Like our gardens, we’re adaptable. We’re getting used to our ongoing water diet. Our plants are coping with less irrigation while we’re trying to find the flowery lining to another summer of drought.
We don’t have to look far for reminders that even a dry summer can be filled with colors other than brown. And we don’t mean “gold” lawns.
Daylilies and lavender are two summer stars that lift our spirits and our senses. Both naturally are drought-tolerant while offering abundant blooms and almost nonstop color.
Both also are in the spotlight this month during special regional celebrations of these easy-care flowers.
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Amador Flower Farm lives up to its name with its 19th annual Daylily Days this weekend, June 13-14. In Plymouth, in the heart of Amador wine country, the flower farm features 14 acres of gardens with more than 1,300 varieties of daylilies in a rainbow of hues from brilliant yellow to softest pink.
Literally, a million flowers greet visitors during Daylily Days, the farm’s largest annual event. And in keeping with this year’s weird weather, they started opening earlier than usual.
“There have been years with virtually no blooms by Memorial Day weekend, and then there’s this year,” said farm spokeswoman Leslie Sellman-Sant. “No doubt about it, the bloom has begun at the farm.”
Free tram tours will guide visitors through the growing grounds that roll over the farm’s tree-studded hills. Massive valley oaks, some more than 400 years old, offer shade for picnickers. Food vendors will be on hand to offer lunch, or patrons can bring their own picnic. (Leave Fido at home; no pets are allowed.)
Daylilies can withstand drought better than many other summer flowers. Their foliage may brown, but they readily bounce back with a little mulch and irrigation. Weekly watering is rewarded with abundant blooms. Once they start blooming, they keep going until the first freeze of winter. They’re also extremely heat-tolerant. Unlike some other showy summer bloomers, daylilies will flower in partial shade as well as full sun.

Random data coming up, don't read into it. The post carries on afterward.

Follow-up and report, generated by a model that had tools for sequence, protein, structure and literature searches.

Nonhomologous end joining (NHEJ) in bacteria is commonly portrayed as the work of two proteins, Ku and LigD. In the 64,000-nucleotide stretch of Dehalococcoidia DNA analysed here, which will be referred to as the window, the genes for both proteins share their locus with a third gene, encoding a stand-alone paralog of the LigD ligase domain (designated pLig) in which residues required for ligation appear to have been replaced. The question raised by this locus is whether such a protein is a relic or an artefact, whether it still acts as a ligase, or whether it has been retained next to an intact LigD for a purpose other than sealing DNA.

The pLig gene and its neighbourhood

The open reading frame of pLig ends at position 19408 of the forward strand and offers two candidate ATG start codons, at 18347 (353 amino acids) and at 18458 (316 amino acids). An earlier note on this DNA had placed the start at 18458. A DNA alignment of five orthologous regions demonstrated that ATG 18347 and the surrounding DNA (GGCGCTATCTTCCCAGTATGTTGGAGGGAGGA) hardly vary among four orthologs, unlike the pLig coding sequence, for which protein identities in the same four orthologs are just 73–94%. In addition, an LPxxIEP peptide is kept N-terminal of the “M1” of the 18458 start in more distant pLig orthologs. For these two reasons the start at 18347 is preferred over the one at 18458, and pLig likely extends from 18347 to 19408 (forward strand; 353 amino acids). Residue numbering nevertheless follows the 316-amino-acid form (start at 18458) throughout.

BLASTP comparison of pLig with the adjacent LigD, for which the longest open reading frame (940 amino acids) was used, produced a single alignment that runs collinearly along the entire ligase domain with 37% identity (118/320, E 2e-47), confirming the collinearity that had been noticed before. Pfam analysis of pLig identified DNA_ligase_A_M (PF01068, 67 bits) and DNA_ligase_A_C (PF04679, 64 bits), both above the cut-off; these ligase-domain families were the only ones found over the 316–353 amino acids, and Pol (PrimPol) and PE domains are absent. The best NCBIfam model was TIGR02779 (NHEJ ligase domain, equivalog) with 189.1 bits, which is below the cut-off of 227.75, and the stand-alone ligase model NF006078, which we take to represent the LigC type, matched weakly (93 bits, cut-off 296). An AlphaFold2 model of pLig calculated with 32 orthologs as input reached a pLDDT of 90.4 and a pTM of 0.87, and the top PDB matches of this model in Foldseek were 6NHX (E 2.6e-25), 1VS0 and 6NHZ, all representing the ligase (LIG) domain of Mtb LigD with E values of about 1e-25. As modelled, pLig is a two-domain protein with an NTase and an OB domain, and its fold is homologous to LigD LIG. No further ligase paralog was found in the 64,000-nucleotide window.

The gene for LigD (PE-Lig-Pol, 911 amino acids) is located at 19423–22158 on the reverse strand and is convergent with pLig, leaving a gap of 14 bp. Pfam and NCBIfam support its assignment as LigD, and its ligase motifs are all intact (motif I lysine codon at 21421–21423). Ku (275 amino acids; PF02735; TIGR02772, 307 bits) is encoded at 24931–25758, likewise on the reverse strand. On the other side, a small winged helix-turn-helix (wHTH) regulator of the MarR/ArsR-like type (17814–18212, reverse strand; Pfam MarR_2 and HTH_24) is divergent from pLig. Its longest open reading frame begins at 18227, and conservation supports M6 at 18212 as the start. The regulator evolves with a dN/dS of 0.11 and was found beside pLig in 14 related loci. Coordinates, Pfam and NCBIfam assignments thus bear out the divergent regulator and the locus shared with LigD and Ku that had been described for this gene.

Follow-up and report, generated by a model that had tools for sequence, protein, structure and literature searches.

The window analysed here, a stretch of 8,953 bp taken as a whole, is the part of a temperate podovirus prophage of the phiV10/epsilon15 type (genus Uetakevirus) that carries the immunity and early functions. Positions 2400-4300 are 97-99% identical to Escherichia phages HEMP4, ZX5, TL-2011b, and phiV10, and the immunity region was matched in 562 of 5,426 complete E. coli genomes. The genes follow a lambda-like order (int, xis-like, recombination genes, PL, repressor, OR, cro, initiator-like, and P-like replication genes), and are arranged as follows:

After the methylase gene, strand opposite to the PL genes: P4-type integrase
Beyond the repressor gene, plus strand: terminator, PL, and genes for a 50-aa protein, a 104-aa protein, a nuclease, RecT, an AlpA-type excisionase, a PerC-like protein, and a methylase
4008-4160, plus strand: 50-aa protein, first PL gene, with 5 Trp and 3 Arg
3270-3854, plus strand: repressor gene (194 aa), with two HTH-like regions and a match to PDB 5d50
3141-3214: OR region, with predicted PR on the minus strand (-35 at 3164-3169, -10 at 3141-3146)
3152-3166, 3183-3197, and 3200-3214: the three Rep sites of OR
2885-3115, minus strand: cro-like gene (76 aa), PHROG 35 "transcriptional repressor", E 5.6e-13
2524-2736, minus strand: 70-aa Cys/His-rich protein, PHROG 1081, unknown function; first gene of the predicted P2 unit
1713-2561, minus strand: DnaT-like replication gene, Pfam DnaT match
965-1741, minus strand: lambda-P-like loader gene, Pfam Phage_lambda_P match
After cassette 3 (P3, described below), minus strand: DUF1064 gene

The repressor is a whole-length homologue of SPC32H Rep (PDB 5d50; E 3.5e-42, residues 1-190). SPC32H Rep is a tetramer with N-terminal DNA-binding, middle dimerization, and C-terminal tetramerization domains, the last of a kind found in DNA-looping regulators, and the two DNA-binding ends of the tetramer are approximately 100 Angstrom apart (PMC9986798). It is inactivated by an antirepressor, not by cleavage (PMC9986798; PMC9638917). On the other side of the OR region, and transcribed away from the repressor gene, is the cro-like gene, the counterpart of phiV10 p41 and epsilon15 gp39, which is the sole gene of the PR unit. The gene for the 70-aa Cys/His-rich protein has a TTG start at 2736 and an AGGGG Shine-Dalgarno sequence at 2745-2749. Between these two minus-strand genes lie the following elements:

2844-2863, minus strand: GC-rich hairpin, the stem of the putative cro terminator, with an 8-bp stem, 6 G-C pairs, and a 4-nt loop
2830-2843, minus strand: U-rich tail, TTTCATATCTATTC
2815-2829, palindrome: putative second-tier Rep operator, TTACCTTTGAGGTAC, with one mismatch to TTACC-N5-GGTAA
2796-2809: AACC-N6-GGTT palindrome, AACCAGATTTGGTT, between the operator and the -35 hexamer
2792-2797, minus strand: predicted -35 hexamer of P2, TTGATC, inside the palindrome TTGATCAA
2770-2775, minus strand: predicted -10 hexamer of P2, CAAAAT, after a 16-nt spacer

During Daylily Days, free hands-on demonstrations by master gardeners and the nursery’s own experts tackle popular gardening subjects, each with its own water-wise twist. Workshops feature how to plant your own culinary herb garden, make your own bonsai tree, create unique garden accents using water-wise succulents and, of course, daylily care. The schedule of events is posted on www.amadorflowerfarm.com.
“The focus this year … is helping gardeners navigate water challenges by relandscaping with water-wise plants and learning to water efficiently,” Sellman-Sant said.
The farm and its nursery are open 9 a.m. to 4 p.m. throughout the summer.
If you’re looking for scent as well as color, the Cache Creek Lavender Festival will fill your senses. This weekend, June 13-14, Cache Creek Lavender Farm in Rumsey opens its fields to visitors at the start of harvest with arts, crafts, music, food vendors as well as free lavender-spiked lemonade. Pick your own lavender and learn how to use it. Then, take some plants home to grow your own.
A Mediterranean favorite, lavender loves dry summer weather and low-water gardens. The plants need good drainage and thrive on heat. Lavender plants are more likely to die from too much water and poor drainage than from drought.
Want both daylilies and lavender? Maple Rock Gardens has a party for you. On June 27, the private Penryn garden will open its gates for its first Lavender and Daylilies Flower and Antique Festival.
Scott Paris, who owns High Hand Nursery in Loomis and makes his home at Maple Rock, planted hundreds of lavender plants along the road leading into his 30-acre property. His blooming lavender field is now ready to greet visitors with bright and fragrant bloom.
In addition, Maple Rock is hosting an international daylily competition with judges from across the country converging on the Penryn estate to evaluate its daylilies and rate their flowers including some very unusual varieties in rare color combinations.
Besides the flower show, visitors will have the opportunity to sample the farm’s mostly lavender honey produced by its own bees and taste its fresh peaches. Antique vendors will offer their collectibles. Lavender and succulent plants will be for sale, too. Of course, patrons will get a chance to tour Maple Rock, considered one of the outstanding private gardens in the Sacramento area.
Tickets available at High Hand Nursery, $10 (includes parking); Maple Rock Gardens, 100 Clark Tunnel Road, Penryn; www.highhandnursery.com.